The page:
Key workers lose out on £900 in pay during pandemic without Real Living Wage

Key workers missed out on £1.6billion during the coronavirus pandemic because they were not paid the Real Living Wage, research has revealed.

The Living Wage Foundation calculated 1.7 million employees, including social care staff, delivery drivers and supermarket shelf-stackers, received only the legal minimum while keeping the country running over the past year.

If they had been paid the voluntary Real Living Wage, set by independent experts, they would each be an average £900 better off.

Analysts used government definitions of key worker occupations to highlight that in the 12 months to March, 16% of key workers got only the National Living Wage – the least bosses can legally get away with.

Living Wage Foundation director Laura Gardiner said: “Our research highlights the cold reality for the 1.7m key workers earning below the Real Living Wage.

New research found key workers missed out on £1.6 billion in pay during the pandemic
New research found key workers missed out on £1.6 billion in pay during the pandemic

“Over the last year, one that has placed considerable pressure on them, they are close to £1,000 out of pocket, amounting to a £1.6bn key worker Living Wage gap during the pandemic.”

She added: “It has been an incredibly difficult year for us all.

“As we look forward to the rest of 2021 and the hope it brings, we must safeguard the workers who have been the backbone of our businesses and society during successive lockdowns.

“Businesses signing up to pay the Real Living Wage is a good place to start.”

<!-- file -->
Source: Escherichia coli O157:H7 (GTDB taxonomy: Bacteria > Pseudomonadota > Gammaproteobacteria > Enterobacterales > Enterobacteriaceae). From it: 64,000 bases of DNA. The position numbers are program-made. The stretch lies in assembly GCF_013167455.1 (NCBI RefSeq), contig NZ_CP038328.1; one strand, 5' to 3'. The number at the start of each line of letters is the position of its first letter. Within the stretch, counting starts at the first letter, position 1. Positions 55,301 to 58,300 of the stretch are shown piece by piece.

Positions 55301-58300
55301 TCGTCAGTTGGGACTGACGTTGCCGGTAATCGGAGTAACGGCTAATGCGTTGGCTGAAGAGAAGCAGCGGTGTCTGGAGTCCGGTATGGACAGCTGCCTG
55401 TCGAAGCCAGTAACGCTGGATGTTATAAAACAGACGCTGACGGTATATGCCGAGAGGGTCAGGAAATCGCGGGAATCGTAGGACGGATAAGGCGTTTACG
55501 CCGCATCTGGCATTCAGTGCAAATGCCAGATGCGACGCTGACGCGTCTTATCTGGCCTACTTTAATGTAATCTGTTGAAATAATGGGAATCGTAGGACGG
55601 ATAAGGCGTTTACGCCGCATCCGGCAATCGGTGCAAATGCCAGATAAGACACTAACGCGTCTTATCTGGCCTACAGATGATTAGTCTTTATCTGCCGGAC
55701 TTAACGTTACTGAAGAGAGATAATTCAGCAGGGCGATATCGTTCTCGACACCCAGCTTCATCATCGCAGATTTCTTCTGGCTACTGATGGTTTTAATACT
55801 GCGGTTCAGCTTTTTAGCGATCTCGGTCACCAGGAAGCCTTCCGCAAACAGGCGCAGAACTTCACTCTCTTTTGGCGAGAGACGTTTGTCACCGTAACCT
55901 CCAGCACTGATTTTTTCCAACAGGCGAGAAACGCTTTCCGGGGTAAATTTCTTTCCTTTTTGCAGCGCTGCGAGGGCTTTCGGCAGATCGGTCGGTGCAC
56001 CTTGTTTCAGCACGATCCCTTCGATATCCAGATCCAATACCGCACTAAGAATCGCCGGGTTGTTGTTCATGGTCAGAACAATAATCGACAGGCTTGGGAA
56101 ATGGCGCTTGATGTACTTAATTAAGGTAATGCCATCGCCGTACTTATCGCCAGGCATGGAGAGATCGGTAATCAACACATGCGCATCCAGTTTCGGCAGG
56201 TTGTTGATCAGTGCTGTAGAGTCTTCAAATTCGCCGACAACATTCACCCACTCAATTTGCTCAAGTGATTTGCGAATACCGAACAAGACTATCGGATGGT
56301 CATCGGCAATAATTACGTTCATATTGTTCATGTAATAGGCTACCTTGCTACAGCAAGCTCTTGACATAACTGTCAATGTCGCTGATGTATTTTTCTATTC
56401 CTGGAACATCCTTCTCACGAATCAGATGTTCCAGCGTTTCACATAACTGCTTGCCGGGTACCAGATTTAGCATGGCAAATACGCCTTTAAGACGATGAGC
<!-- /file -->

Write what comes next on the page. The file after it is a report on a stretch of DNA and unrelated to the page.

The Real Living Wage is £9.50 an hour and £10.85 in London.

It is paid by more than 7,000 employers accredited with the Foundation.

In contrast, the current National Living Wage – the legal minimum – is just £8.72 an hour, falling to £8.20 for those aged between 21 and 24, and just £6.45 for those aged 18 to 20.

The Foundation analysed Office of National Statistics data from its annual survey of hours and earnings.

It calculated that 445,000 health and social care staff – 14% – earned below the Real Living Wage.

TUC boss Frances O'Grady said key workers needed to be properly rewarded
TUC boss Frances O’Grady said key workers needed to be properly rewarded

Research suggested it was 305,000 workers in education and childcare – 13% of all employees; 559,000 in “food and necessary goods” – 37%; 99,000 in utilities and communication – 5%; 17,700 transport workers – 29%; 33,000 in “key public services – 6%; 99,000 in public safety and national security – 6%; and 10,000 workers in national and local government – 4%.

TUC general secretary Frances O’Grady said: “Everybody who works for a living ought to earn a decent living.

“It’s not right that many of the key workers who are getting us through this crisis – like social care, supermarket and delivery staff – are paid less than the Real Living Wage.

“It’s time we cared for them, the way have cared for us by boosting their pay and conditions at work.

“Paying key workers a Real Living Wage is the right thing to do and makes good economic sense.”

Unison general secretary Christina McAnea said: “It’s shameful so many of the people who’ve been keeping the country safe and providing essential services during the pandemic are paid so little.”

GMB acting general secretary Warren Kenny said: “This pandemic has shown us all exactly who keeps our country going – it’s NHS staff, it’s care workers, it’s refuse collectors, council workers, people who work in retail and the rest.

“The fact so many of them aren’t even paid a wage they can live on should bring shame to our nation.”

A Government spokeswoman said: “We are incredibly grateful for the tireless efforts of all our key workers in the fight against coronavirus.

“The UK has one of the highest minimum wage rates in Europe, and from April 1, we are increasing the National Living and Minimum wage, putting an additional £345 into the pockets of two million of the UK’s lowest paid.

“We have also taken steps to support care workers financially during the pandemic, ring-fencing over £1.1bn of funding for care providers which can be used to pay the wages of staff who may need to self-isolate.”


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